You say it ran fine for 4 hours, died. Would not restart. I ran into one similar about 10 years ago. The vent in the fuel cap was plugged, after it ran thru about a half of tank of fuel it would die,,but,, pulling the fuel cap off to check the fuel would allow it to start again. Some of these will wet down the ign wiring in powdery snow, the shield does little to keep fine snow out. Could be packing snow around the intake too, icing in the venturi of the carburetor will generally cause you to lose power (and RPMs) gradually before it dies. Just a couple ideas. Jan

Willy
01-06-2011, 02:25 PM
The plug should normally run a light tan color when everything else is in good running order, (not using oil, carb mixture is correct).

The fact that it stalled yesterday and started up good today could be an indication of water in the fuel line that froze while you were using it.
I used to have problems with this in the past and finally determined that the vented gas cap was allowing snow dust into the fuel tank. A little gas line anti freeze(methyl hydrate) will be a temporary cure. For a more permanent fix all I did was to wire tie a small rag over the filler cap, it still allows the tank to vent but it is too fine to allow the the snow into the tank.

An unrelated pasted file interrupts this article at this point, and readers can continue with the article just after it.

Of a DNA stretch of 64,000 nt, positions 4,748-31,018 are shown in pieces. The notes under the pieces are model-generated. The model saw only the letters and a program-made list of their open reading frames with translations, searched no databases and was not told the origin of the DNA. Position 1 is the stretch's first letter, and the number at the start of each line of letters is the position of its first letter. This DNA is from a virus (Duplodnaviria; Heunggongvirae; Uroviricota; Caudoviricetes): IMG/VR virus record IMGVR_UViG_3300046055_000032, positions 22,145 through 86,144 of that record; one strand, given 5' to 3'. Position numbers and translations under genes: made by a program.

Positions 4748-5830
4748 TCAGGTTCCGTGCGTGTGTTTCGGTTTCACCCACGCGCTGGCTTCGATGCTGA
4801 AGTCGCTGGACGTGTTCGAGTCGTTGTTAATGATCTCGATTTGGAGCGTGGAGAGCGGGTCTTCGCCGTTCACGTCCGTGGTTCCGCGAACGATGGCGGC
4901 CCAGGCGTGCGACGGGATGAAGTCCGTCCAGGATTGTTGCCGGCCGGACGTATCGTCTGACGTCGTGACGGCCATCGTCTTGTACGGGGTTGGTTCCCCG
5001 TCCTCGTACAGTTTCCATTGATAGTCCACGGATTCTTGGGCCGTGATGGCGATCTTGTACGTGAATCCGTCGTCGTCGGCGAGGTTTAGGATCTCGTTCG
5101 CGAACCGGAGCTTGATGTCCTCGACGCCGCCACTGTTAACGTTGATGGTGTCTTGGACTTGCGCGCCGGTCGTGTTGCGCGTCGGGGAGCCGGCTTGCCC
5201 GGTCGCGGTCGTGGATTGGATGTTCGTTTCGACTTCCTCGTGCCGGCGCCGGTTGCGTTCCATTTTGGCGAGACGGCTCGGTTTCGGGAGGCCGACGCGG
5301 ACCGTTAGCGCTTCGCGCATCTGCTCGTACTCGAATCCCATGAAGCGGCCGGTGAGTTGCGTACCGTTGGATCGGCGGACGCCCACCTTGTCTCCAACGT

The next time it stalls see if the flow of fuel to the carb has been compromised.

There could be other factors as well but try the easy ones first.
Remember an engine need three things to make it run.
Compression, fuel, and spark, with all of those elements present it should at least run. Look for these elements first, it should make diagnosing a problem a little more simple.

Dr Stan
01-06-2011, 02:35 PM
Willy,

You answered your own question, because it's going to snow tomorrow! :D